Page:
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Gary Keogh, Marketing Director EMEA at William Grant and Sons, talks to Helen Trevaskis about how inspiration during Wavelength Connect in 2019 saw him and his team revolutionise goal setting and business planning using OKRs.
OKRs is a goal-setting framework for defining and tracking objectives and outcomes made famous in John Doerr’s 2018 book, Measure What Matters. OKRs have two components: Objectives – short, memorable and inspirational descriptions of what you want to achieve; Key Results – a set of (2-5) metrics to measure progress towards each Objective.
I took on the role of Marketing Director EMEA early in 2018. There are 116 countries, we’ve got people spread all around the region and because we’ve had such a fantastic growth agenda the complexity of the business has increased. There was good action planning in pockets in our region but less good in others – everyone had a different template, some had none at all.
It was actually the last day of the programme when I was with my boss. David Pemsel (former CEO of The Guardian Media Group) was on stage speaking and said, “To get alignment we use OKRs”. Then he must have caught someone’s eye because he stopped and asked people to put their hands up if they knew what OKRs were – only five or six people had heard of them. Then he said, “John Doerr, you all need to read his book”, and carried on – it was almost like a parent-child moment!
I bought the book and started to read it and thought, ‘vaccine to ambiguity’, ‘transparency’, ‘power of alignment’ – this sounds right for us. Then, I dialled in on a Wavelength webinar with David Pemsel and I asked more about OKRs and it’s drive to alignment and focus.
So I first heard David in May last year and in June I wrote a two-three page paper for my boss. She said, ‘This is great’, particularly as we were trying to join up the strategy for brands across regions to ensure consistency and focus, so everyone knows what they’re doing. Last September we shared it with the leadership team.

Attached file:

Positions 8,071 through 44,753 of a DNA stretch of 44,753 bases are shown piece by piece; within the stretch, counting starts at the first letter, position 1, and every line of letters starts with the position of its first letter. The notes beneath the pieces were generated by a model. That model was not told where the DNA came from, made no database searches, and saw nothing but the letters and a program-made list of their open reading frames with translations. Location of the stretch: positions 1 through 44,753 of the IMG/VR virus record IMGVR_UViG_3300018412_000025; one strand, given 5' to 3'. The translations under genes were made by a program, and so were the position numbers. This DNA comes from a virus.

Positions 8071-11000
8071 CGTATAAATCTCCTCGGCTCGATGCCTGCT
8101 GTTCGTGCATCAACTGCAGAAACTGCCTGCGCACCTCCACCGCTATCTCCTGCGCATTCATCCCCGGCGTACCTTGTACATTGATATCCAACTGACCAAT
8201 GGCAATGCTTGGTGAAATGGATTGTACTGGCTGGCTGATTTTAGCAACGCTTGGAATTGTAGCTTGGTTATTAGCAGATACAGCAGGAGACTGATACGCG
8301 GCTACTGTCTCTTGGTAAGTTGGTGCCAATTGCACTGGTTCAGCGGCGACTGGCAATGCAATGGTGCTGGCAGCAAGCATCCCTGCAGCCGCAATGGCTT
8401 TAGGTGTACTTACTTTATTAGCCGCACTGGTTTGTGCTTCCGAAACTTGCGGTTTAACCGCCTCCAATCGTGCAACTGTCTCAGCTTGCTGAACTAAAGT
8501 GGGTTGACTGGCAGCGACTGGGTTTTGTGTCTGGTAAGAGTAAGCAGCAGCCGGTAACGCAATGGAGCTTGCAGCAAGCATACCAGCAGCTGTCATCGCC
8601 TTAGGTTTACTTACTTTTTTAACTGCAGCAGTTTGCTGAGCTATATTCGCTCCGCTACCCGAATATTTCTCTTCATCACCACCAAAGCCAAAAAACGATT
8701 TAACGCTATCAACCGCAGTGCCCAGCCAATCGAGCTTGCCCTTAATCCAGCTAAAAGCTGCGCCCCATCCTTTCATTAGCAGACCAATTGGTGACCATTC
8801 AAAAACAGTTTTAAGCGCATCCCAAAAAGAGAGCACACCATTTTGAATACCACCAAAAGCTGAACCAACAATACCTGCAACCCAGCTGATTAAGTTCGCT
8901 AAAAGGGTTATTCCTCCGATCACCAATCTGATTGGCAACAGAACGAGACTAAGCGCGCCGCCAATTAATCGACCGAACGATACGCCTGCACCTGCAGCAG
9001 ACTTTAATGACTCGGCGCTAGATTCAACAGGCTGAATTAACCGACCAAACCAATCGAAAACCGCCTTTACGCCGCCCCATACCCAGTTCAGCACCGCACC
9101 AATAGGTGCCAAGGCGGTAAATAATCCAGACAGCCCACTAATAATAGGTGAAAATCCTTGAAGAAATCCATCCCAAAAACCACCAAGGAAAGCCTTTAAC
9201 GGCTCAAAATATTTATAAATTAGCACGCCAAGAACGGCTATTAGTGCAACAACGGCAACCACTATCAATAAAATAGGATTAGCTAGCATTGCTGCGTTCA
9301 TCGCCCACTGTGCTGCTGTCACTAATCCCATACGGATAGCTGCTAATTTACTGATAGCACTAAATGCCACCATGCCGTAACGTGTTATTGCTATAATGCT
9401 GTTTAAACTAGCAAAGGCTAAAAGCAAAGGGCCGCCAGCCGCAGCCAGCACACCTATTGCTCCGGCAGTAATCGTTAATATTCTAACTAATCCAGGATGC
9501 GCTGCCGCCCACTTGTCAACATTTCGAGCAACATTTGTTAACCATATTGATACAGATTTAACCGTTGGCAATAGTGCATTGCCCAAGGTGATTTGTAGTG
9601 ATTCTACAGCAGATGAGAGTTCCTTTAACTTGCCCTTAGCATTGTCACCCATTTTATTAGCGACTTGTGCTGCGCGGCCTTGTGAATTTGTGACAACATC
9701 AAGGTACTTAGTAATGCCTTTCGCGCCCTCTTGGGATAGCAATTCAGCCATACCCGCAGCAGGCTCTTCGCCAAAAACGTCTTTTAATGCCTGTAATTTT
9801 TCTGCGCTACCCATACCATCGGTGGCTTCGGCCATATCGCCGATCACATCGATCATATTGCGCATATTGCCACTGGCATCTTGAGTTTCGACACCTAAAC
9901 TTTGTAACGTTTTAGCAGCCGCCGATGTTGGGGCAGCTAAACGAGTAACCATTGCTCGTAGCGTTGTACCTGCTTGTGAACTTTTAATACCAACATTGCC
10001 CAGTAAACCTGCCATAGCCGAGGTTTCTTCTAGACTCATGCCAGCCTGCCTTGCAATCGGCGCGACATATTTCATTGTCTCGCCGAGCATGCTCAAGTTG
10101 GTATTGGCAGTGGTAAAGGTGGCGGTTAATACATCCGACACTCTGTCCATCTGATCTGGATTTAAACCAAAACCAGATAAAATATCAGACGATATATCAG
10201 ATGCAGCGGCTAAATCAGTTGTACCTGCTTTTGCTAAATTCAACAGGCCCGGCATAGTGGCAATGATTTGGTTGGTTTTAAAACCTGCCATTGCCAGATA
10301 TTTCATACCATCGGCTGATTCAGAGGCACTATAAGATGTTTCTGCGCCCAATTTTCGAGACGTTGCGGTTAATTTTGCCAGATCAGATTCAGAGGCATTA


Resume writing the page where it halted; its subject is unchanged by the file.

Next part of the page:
This year we’ve done a five-year strategy using OKRs. This was hard. It was also different to what Doerr suggests (in Measure what Matters) and to what David did at The Guardian where it was about quarterly tracking, but we’ve done both. We modified the template so it includes next step alongside objective, how the objective will be achieved and key results – to help demonstrate momentum.
Market teams have built their OKRs bottom up with commercial, marketing, HR… It’s brilliant now to hear people in the region talk about strategy and how to deliver through OKRs – it makes me smile, but it’s been a massive leap.
When we started, 50% of people were interested and the other 50% were, “Oh, Gary’s read another book”! My boss got it and my team were on board straight away plus two-three of my peers. The others got brought along by seeing the benefits.
To get alignment on an objective you have to write it really well. OKRs force you to say what you’re going to do and what results you’re expecting. You have to make sure your targets are credible so that if you don’t hit them you know you need to put more resource there. For some it feels like semantics but if you spend 45 minutes getting the sentence right it will save money, conversations, and confusion in the longer term. People who love a road map and love planning love this. Some worry its bureaucracy, that it will reduce empowerment, but it’s not – if I am looking after EMEA and I understand what you’re doing in France I can fight your corner, it’s all about transparency.
Implementing OKRs increased workloads to start with, categorically. There were a couple of weeks at the start where you feel you’re not doing any of the work you’re writing about but when you come out of the other side it’s brilliant. It reduces ambiguity and increases empowerment. When I wrote them with my team I found it liberating – I could actually sleep better at night, it was clearer what we all needed to do. Of course when you start to do it in several regions, then it’s hard trying to get the balance right as you need the local teams to own them and I can’t check every single one of 116 countries each writing 10 OKRs, so you need the standards and principles to be cascaded down in the countries.
In Measure What Matters, Doerr says OKRs don’t substitute for “sound judgement, strong leadership or a creative workplace culture”…
We are a company with a long-term view; the family ownership is a massive asset. Where other big companies are reducing costs-base and making redundancies we’re not immune but we’re in a different position. We also have a can-do culture with lots of people who won’t say no if the workload increases and increases, now OKRs help us filter and prioritise better. Our values – integrity, transparency, professionalism are also really aligned with the philosophy of the book; OKRs play to the things we hold dear.
We are working on two innovation opportunities in Eastern Europe that we’ll launch next year and I don’t believe we’d be so far down the track without the focus and energy constructing clear OKRs around these provided. OKRs help us prioritise where we spend to make the biggest difference, they show more clearly the size of the prize and there’s no debating once an OKR has been set!
You’ve got to be resilient though. David Pemsel said it takes a year to embed – I can testify to that; you’ve got to stay the course. It helps to be really clear up front that it will be hard work to construct but worth it in the long run. And some people won’t want to do it so getting a sponsor is important: my boss also did Wavelength 12 years ago, she was the wind in my sails.